Wednesday, October 12, 2016

What's on Netflix?: THE AUTOMATIC HATE

Welcome to another installment of WHAT'S ON NETFLIX?, where we pick out a film or series currently playing on Netflix and review it for the fans. This week's selection is the indie drama THE AUTOMATIC HATE.

Howdy fellow film freaks, Robert here. Have you ever wondered what it would be like to find out you had relatives you've never met? We've all wondered about this at one point or another. In The Automatic Hate, Davis Green (Joseph Cross) discovers he has cousins and an uncle he never knew about when he is approached by Alexis (Adelaide Clemens), the youngest of his previously unknown relations. Davis suspects it's a hoax, but after some digging through his father's attic, he discovers a painting of two young boys. He tries to ask his grandfather about it, but that doesn't go well. He tries to ask his father (played by Richard Schiff, who will always be The West Wing's Toby Ziegler to me), and that goes better, but Dad is extremely tight-lipped about what he knows. So Davis decides to go meet these relatives for himself and find out why he's never heard about them.

Now you would probably expect, given the title of this movie and the way these stories typically work out, that Alexis and her family are cannibals, or hard core neo-nazis or something like. Rest assured, occasional reader, the movie doesn't settle for such easy cop-outs. The reason the rift exists in the family Green is much more personal. And in it's own way, it's darker.

Not knowing what the reason is for their families' estrangement, Davis and Alexis begin trying to come up with a way to get their families back together. Even when clues to the rift are found, they continue undeterred. It's only when the two families finally do get together that the truth finally comes out, and the old moral that some doors are left unopened rears its ugly head.

Not knowing the solution to the mystery definitely increases the enjoyment of this movie, so I won't spoil it here. Once you do know how the movie ends, you're left to focus on Davis and Alexis' relationship, which gets very inappropriate very quickly. And after their relationship takes this turn, Alexis turns into the crazy girlfriend, which felt like unnecessary additional drama to me. What has happened in the Green family to cause this split is sad, and tragic and also pretty messed up on its own. But when the two sides get together for the first time in many years, things start off looking like the two groups may reconcile. They're actually getting on quite well until Alexis messes it up. I understand a catalyst was needed to set things off and move the story along, and Alexis' ignorance of the situation is a logical choice for this role. I just disagree with the process the movie takes to get her to that point.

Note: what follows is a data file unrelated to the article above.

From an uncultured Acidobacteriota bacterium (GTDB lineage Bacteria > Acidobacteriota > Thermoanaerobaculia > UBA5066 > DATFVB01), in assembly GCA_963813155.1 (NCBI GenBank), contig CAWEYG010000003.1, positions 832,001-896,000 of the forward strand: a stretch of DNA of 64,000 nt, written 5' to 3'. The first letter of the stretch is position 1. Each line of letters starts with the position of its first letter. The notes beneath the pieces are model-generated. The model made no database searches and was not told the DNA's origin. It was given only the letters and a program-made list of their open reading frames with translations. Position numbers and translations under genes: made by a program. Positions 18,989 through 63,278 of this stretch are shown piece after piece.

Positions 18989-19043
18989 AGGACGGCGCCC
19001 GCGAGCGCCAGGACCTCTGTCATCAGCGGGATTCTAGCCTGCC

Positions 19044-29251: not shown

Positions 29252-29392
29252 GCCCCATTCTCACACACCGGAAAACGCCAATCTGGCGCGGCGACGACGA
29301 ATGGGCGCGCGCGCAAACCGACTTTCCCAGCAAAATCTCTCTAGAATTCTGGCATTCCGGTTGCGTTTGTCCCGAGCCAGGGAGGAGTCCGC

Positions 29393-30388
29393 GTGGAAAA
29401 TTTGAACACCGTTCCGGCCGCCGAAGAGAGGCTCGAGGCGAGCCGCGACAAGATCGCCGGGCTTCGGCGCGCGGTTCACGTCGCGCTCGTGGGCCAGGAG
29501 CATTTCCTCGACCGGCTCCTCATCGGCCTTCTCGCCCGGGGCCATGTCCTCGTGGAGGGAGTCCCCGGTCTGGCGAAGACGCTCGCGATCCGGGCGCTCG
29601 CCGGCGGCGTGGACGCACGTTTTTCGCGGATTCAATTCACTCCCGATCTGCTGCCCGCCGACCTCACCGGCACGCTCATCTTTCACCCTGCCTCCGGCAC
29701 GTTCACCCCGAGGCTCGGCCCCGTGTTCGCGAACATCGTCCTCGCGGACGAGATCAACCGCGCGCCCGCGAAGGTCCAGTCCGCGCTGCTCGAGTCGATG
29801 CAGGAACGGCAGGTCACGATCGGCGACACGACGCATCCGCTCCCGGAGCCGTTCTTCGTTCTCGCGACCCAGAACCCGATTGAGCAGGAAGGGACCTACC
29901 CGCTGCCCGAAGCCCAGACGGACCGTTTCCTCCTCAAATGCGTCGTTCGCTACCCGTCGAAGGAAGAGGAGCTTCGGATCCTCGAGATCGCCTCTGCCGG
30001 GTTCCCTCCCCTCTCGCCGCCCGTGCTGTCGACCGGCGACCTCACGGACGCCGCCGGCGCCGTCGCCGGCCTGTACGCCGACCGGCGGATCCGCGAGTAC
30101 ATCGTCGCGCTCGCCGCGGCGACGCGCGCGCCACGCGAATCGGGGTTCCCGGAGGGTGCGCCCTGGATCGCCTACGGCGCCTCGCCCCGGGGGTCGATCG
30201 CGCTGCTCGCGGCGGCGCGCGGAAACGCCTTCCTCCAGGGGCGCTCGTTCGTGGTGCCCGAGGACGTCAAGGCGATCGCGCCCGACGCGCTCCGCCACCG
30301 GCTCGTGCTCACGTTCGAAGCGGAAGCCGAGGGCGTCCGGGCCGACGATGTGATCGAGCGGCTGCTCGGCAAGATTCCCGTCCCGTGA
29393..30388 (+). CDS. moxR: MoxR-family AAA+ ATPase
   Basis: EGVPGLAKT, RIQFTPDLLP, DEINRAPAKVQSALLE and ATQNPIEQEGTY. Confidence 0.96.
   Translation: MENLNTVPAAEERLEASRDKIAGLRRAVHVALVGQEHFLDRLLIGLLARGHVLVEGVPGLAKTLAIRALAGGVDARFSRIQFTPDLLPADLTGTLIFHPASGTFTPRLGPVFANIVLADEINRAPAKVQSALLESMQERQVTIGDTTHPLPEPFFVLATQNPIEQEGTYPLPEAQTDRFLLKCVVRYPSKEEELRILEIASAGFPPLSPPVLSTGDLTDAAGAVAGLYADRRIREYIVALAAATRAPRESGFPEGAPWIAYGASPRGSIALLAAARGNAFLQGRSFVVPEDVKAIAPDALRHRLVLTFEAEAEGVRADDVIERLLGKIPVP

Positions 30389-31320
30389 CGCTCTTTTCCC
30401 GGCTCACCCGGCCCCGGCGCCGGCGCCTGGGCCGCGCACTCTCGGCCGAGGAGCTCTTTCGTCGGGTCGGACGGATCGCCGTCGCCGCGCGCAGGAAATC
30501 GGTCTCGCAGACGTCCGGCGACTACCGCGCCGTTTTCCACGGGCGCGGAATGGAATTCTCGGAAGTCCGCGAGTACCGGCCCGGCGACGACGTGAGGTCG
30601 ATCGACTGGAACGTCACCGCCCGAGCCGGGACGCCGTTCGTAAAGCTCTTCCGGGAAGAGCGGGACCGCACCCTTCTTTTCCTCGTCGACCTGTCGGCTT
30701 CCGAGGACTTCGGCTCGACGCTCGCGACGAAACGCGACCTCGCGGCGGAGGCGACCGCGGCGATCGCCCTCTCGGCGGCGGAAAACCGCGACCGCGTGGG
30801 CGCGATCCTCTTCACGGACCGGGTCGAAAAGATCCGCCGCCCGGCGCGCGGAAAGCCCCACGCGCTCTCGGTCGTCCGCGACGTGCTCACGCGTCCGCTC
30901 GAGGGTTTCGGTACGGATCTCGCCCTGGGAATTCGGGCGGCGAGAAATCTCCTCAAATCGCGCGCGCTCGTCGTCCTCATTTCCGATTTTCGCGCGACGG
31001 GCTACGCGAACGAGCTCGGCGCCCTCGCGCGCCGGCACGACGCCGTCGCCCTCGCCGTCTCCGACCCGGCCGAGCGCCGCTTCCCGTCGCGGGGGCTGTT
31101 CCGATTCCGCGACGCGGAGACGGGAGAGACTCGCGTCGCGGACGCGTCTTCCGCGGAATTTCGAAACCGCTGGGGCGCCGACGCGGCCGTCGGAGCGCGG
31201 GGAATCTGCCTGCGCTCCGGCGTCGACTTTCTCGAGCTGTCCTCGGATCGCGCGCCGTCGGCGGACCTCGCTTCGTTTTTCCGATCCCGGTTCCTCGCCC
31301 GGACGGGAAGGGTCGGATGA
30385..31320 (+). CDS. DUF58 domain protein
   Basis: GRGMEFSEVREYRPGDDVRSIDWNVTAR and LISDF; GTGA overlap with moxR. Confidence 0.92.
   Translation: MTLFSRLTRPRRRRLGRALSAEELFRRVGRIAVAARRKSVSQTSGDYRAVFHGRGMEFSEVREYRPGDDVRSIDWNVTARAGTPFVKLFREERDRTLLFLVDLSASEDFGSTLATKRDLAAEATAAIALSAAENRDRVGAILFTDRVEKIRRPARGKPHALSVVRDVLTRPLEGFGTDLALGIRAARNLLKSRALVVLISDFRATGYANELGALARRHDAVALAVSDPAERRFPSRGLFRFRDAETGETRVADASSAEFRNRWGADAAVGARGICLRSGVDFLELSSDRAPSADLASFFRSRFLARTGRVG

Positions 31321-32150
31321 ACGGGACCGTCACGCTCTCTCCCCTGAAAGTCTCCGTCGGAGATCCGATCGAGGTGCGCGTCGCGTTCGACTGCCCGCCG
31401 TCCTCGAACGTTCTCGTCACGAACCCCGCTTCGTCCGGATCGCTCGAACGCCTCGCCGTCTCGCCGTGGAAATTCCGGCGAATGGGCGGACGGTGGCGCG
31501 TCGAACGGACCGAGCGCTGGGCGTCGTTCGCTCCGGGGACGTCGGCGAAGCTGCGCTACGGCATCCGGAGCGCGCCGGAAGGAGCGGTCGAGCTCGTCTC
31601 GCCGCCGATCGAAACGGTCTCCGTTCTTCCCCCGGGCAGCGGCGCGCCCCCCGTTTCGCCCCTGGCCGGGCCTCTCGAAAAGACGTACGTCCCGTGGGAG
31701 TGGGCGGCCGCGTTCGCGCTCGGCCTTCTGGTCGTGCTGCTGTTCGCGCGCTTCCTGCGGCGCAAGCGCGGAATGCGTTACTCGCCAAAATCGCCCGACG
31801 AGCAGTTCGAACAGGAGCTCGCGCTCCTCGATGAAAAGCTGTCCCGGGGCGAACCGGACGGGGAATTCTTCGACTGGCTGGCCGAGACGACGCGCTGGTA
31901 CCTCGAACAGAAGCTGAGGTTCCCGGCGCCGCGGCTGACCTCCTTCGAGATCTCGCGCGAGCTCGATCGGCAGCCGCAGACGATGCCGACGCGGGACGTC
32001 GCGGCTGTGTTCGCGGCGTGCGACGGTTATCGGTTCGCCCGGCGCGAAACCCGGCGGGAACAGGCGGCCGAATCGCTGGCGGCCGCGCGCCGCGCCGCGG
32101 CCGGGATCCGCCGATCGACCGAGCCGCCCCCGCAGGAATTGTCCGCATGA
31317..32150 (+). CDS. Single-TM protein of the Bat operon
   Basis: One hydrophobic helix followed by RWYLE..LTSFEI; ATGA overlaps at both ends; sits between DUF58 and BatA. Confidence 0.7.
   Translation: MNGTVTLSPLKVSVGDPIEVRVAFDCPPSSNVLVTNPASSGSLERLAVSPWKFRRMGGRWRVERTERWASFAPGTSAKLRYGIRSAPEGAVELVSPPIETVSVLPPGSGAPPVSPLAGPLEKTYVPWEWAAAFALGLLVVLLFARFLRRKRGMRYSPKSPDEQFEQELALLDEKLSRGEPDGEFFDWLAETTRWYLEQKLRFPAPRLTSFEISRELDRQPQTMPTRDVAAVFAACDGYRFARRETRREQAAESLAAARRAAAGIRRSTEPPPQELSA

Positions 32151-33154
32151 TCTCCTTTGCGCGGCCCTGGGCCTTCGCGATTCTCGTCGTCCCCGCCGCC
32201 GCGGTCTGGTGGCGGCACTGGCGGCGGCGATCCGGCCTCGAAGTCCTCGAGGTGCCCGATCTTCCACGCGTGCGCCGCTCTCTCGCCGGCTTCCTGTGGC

As for the rest of the players, Richard Schiff and Ricky Ray, who plays estranged Uncle Joshua, are the ones to watch in this picture; they communicate to the audience that some very large hatchets remain unburied in this family. The others, Davis and his girlfriend Cassie, Alexis and her two sisters, could have been transplanted from any other dysfunctional family drama out there. None of them really brings more to the movie than the standard aimless, Millennial angst so common in movies of this type. The only reason Davis and Alexis take on this task of getting their families back together is the old traditional belief that Families Should Be Together, which, like so many other ideas, sounds great on paper but doesn't work in practice. Being no great fan of tradition purely for tradition's sake, I can't say I have a lot of sympathy for them when their efforts blow up in their faces.

So it's possible that The Automatic Hate shares my rejection of blind, emotional adherence to tradition. But I don't like watching movies just to revel in the characters' misery, and since that's all there seems to be left once the mystery is revealed, there's not a lot of reason for me to watch this movie again. The Automatic Hate is an interesting movie if you don't know how it ends; if you do, it's kind of depressing.

The Automatic Hate is not rated, but contains adult language, alcohol and drug references, and sexual situations.

Robert's Score: 6/10

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